By: Dennis Cook
38 minutes is pretty fast to fall in love but Sera Cahoone's Only As The Day Is Long (released March 18 on Sub Pop) may have that effect. For some it might happen in the first minutes of opener "You Might As Well," a slice of elemental backwoods folk that's as invigorating as open sky and clean air on a country mile stroll. For others it may be the brittle humanity of the title cut that finishes the job. The clouds darken along stretches where we feel "the best is already done" but Cahoone has a way of bringing us around, and not with some lil' old ant high hopes hooey either. This is quiet, powerful hope you tuck into a locket near your heart to peek at when it all seems a bit too much. Life is fucking hard. Cahoone gets that yet manages to pull a crooked smile from the debris.
It's a long way still until tomorrow
All my insecurities are breaking me up inside
Light another cigarette
My eyes are on fire
That gray cloud mindset is followed by the believable cheer of "Runnin' Your Way," where she enthuses, "You got so much left in you for the big ol' world to see." The easy comparison is Gillian Welch – and there is some of Welch's strum and thump to Cahoone – but the jaundiced eye she exhibits on "Shitty Hotel" and "The Colder The Air" recalls early Chrissie Hynde (The Pretenders) or Ray Davies (The Kinks) dropped into the middle of clean acoustic picking, aching pedal steel, blood warm harmonies and ringing banjo. Loaded names all but Cahoone inspires big praise. This is only her second solo album – she's drummed for Band of Horses, Patrick Park and Carissa's Weird - and it arrives with great self-possession and a measured heaping of weary feeling. Only someone who understands the low lands like Cahoone can help draw us out of our own shattered geography, taking us by our "tired, empty hands" and leading us out of Golgotha. If we don't end up in paradise, well, how many people do?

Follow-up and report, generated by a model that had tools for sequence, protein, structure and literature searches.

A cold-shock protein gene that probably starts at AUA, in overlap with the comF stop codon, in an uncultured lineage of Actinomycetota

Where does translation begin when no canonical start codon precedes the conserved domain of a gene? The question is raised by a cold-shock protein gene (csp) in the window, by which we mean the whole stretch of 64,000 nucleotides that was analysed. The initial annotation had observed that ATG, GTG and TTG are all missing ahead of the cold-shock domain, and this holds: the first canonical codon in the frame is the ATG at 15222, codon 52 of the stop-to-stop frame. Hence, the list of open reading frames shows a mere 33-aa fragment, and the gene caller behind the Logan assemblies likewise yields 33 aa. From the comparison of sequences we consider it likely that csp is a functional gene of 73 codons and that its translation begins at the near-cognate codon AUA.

Both intimate and expansive, Only As The Day Is Long is one of those records that once encountered can endure forever in one's private stash, a desert island disc one keeps in easy reach. I'm already thinking of stacking this one next to lifesavers like Jackson Browne's Late For The Sky and Neal Casal's The Sun Rises Here. The material is top flight and accentuated beautifully by an artfully restrained ensemble that truly serve the songs and Cahoone's toasted honey drawl well. If the right ears pick up on a shimmering jewel like "You're Not Broken," Cahoone could be the next Ray LaMontagne, though what makes her so appealing is how comfortable she is in her own skin. Cahoone doesn't seem to want to be anyone else at all.
JamBase | Seattle
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